"An expecially warm and joyful Hanukkah book that captures the spirit of the holiday."
New York Times Book Review
"Cheerful and appealing."
A board book adaptation of Roni Schotter's 1990 Hanukkah!, illus. by Marylin Hafner, gives youngest readers a chance to celebrate the last night of the holiday along with the five children of a particularly jolly family. Hafner's personable illustrations telegraph brio. Copyright 2003 Reed Business Information.
Publishers Weekly - Publisher's Weekly
This glowing picture book focuses on one family's celebration of Hanukkah. It's the eighth and final night of the holiday and Mama, Papa and Grandma Rose are lighting the menorah, while the children--Nora, Dan, Ruthie, Sam and baby Moe--begin their own preparations for the family celebration. Nora and Dan make latkes, Ruthie makes decorations, Sam makes clay dreidels and tries to teach baby Moe how to say ``Hanukkah.'' The festive family meal is followed by songs, dances and gifts. Finally, as the evening ends and the candles burn low, Moe giggles ``Hanuk-kah!'' Schotter's somewhat bland text may confuse children with its odd blend of poetry and prose, but Hafner's watercolors of the cozy house filled with the warmth of love and family beautifully evoke this special celebration's pleasures. A one-page ``Story of Hanukkah'' and a glossary of Hanukkah words are included. Ages 4-8. (Sept.)
Children's Literature - Marilyn Courtot
The latkes are fried, dreidels made and everyone eats their fill at the holiday table. Then it is songs and just lots of warm family fun. The book concludes with a brief story of the holiday and facts about some Hanukkah words. A charming family story with everyone joining in to prepare the tradition Hanukkah foods and to participate in holiday activities.
Truly a delightful experience, this board book—a National Jewish Book Awards winner—was first published in 1990. It has lost none of its pizzazz or charm and is sure to be a favorite as a three-generation family celebrates in the traditional ways. Part poetry and part prose, it nevertheless manages to read well from "In darkest December/Night steals in early/And whisks away the light" all the way to "And, as the candles burn low and lose their light/Eight sleepy people say, 'GOOD NIGHT.'" In between, Mama, Papa and Grandma Rose, Nora, Dan, Sam and Moe have lit the menorah, made potato latkes, created handmade gifts, devoured their dinner, played dreidel games, exchanged presents, enjoyed songs around the piano, danced, and wilted on the sofa as the wax candles wilted to fizzing extinction. The pictures are priceless, with such details are latkes flipped onto the floor in addition to the platter, one shoe on and one shoe off for the tired Mama, Moe's baby bottle on the floor under his chair, and the family cat inside an empty gift box. Sure to be read over and over. 2003 (orig. 1990), Little Brown, Ages 3 mo. to 3.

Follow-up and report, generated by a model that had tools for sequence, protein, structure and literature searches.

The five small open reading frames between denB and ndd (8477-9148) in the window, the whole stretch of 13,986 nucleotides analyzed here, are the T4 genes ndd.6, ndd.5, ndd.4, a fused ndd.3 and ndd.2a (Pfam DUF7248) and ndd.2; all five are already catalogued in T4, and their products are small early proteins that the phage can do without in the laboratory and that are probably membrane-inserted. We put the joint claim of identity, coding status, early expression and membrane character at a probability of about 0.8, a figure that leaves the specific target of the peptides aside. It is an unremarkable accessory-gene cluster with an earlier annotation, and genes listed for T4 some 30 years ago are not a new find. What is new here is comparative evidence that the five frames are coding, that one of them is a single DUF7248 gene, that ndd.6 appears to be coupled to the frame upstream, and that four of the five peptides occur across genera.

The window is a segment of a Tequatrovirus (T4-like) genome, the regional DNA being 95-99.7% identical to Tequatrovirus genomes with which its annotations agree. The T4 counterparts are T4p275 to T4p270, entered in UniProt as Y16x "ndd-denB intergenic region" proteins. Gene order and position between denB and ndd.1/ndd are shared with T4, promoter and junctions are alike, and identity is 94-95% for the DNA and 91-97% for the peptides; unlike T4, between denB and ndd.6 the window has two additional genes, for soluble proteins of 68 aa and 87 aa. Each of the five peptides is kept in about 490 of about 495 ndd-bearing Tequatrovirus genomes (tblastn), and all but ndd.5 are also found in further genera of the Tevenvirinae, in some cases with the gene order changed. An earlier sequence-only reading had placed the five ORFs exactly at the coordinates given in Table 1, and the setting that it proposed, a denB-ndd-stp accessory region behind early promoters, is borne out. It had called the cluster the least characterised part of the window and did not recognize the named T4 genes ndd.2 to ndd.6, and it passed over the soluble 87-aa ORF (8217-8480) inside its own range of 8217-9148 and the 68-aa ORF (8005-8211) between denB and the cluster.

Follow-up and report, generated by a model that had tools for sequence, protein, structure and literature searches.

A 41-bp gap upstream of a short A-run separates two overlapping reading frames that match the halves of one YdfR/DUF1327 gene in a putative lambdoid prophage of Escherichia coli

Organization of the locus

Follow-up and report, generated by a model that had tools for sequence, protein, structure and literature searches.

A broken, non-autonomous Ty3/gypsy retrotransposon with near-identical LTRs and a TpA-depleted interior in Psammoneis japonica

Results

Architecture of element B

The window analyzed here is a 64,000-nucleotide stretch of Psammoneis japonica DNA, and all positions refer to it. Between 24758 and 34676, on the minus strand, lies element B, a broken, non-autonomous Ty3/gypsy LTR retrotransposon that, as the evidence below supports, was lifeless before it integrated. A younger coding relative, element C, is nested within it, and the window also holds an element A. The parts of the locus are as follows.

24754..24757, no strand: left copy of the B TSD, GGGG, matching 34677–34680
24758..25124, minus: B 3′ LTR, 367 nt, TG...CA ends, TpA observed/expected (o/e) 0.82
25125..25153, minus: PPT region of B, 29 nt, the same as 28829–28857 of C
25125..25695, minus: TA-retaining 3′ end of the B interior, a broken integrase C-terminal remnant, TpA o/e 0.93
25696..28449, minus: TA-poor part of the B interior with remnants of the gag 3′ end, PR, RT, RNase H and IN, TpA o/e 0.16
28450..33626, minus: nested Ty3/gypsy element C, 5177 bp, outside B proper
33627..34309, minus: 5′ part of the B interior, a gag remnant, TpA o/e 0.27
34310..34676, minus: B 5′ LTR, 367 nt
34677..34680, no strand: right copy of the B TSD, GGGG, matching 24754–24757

School Library Journal
A Jewish family celebrates a happy Hanukkah in the 1950s. Nora leads her four siblings off to make gifts and latkes, spin the dreydel, and they all play until supper. After dinner, the children open presents and enjoy an extended family hug. Hafner's cartoon-lined figures are softened to good effect with watercolor and colored pencil, and the nighttime setting of the story is warm with candlelight and family delight. A final note gives a short explanation of the holiday.
From the Publisher
"[A] glowing picture book... Hafner's watercolors of the cozy house filled with the warmth of love and family beautifully evoke this special celebration's pleasures."Publishers Weekly"
Warm with candlelight and family delight."School Library Journal